It has been a difficult year for oil as a result of the Covid-19 pandemic, but many in the industry were hopeful that recent rebounds in prices signaled a stronger year in 2021. However, one agency doesn’t expect to see oil prices break past the $50 mark.
According to the credit rating agency Fitch Rating, prices for Brent crude, which is used as the international benchmark for oil prices, may drop to just $45 per barrel in 2021. This is close to nearly 9% lower than what is predicted by a Refinitiv Eikon poll. A survey of 36 analysts has $50 as the most commonly agreed upon forecast. The U.S. Energy Information Administration also believes that the international benchmark will be higher, albeit at just $46.59.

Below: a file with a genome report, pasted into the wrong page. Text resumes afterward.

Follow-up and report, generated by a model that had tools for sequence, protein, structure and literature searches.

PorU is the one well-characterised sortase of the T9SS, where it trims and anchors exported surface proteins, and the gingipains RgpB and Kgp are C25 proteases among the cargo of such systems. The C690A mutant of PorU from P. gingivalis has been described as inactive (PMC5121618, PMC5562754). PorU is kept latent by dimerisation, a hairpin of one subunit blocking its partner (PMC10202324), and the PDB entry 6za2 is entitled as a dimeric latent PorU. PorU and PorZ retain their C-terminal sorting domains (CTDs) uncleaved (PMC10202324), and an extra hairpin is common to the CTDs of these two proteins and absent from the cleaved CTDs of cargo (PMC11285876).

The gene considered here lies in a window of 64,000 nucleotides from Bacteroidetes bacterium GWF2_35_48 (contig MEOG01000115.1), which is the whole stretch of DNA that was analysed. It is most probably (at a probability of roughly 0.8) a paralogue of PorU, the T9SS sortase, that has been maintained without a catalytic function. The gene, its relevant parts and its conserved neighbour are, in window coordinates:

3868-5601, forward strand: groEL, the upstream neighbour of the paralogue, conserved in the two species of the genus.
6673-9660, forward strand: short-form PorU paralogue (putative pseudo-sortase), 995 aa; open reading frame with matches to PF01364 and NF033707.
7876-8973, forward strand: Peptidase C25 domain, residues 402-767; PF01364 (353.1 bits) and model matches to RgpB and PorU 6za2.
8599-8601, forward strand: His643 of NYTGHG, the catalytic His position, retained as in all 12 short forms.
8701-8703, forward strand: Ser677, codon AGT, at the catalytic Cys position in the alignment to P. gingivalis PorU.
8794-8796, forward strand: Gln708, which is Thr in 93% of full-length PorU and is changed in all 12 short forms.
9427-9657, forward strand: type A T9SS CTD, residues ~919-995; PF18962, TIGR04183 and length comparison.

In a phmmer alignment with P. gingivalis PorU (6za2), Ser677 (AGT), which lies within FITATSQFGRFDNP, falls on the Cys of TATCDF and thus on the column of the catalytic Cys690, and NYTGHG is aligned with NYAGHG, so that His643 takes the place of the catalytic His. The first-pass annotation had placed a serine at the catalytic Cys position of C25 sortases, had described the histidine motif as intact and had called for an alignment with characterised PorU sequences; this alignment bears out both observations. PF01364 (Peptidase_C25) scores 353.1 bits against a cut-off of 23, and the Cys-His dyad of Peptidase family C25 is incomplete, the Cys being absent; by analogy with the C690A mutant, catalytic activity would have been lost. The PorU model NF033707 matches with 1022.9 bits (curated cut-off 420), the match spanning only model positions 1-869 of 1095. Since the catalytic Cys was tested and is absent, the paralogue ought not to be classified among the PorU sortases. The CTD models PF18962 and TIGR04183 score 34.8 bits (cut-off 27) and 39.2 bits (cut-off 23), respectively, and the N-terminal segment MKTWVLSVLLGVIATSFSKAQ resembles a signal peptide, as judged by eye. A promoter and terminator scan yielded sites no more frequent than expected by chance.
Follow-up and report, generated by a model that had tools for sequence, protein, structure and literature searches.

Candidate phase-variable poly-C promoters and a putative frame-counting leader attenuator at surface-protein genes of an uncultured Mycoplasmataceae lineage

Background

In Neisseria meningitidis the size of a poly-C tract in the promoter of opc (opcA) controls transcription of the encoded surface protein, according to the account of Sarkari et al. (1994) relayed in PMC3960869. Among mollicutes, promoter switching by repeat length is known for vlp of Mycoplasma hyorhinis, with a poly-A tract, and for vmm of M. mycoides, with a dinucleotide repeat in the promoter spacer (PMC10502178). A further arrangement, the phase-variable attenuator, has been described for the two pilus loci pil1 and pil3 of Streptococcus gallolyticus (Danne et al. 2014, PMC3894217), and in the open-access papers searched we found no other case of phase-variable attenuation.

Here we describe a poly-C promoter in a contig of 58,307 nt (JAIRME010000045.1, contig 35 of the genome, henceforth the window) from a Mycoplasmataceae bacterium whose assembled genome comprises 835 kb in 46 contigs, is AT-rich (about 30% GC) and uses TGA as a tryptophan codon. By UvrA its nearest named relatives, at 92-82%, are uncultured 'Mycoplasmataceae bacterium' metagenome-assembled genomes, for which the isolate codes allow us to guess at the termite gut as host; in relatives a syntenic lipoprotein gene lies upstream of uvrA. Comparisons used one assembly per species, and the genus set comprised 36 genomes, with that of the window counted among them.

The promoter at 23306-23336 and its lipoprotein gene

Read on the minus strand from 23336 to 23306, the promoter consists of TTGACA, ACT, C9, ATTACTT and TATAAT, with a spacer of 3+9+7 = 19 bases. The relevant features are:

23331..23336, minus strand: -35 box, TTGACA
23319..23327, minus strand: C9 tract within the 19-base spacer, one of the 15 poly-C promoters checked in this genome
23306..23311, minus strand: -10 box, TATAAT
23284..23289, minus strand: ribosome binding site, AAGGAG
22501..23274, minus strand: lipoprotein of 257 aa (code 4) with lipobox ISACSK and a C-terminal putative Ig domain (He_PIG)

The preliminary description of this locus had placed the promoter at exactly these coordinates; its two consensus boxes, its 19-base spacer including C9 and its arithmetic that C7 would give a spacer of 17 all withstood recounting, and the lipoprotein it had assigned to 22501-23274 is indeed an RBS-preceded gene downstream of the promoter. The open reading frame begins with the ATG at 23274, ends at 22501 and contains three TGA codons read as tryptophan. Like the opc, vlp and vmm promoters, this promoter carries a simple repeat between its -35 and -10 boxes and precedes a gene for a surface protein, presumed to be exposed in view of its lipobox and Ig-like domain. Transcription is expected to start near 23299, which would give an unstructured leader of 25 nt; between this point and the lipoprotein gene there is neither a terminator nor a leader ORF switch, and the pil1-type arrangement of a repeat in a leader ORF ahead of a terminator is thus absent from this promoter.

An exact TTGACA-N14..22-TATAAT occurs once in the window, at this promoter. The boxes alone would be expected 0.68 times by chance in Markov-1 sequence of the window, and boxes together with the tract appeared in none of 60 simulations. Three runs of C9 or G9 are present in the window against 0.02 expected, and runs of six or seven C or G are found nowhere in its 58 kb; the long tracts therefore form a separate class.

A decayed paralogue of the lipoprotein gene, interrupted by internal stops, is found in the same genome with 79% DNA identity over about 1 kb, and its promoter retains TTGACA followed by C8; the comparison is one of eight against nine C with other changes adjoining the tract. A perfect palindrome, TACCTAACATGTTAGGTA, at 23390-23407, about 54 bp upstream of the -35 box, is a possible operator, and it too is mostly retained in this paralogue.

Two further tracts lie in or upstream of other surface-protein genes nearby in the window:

This estimate by Fitch is much more cautious than those provided by other agencies. Fitch says their approach is shaped by concerns over the distribution of Covid-19 vaccines. While oil prices have risen following news about the development and effectiveness of the different vaccines being trialed, Fitch estimates that progress regarding the vaccine rollout will be slow. As such, they anticipate prices to be low through the second quarter of next year.
Additionally, the agency also expects that OPEC will be trying to manage supply levels to avoid large surpluses or deficits. On Thursday, OPEC and OPEC+ made an agreement to increase production by 500,000 barrels per day in January. This is substantially lower than the 2 million per day increase which was in their previous April agreement. With this new agreement, oil production cuts for 2021 have reached 7.2 million barrels per day. These efforts are to avoid a repeat of the oil freefall which occurred earlier in the year, which saw oil prices hit negative prices.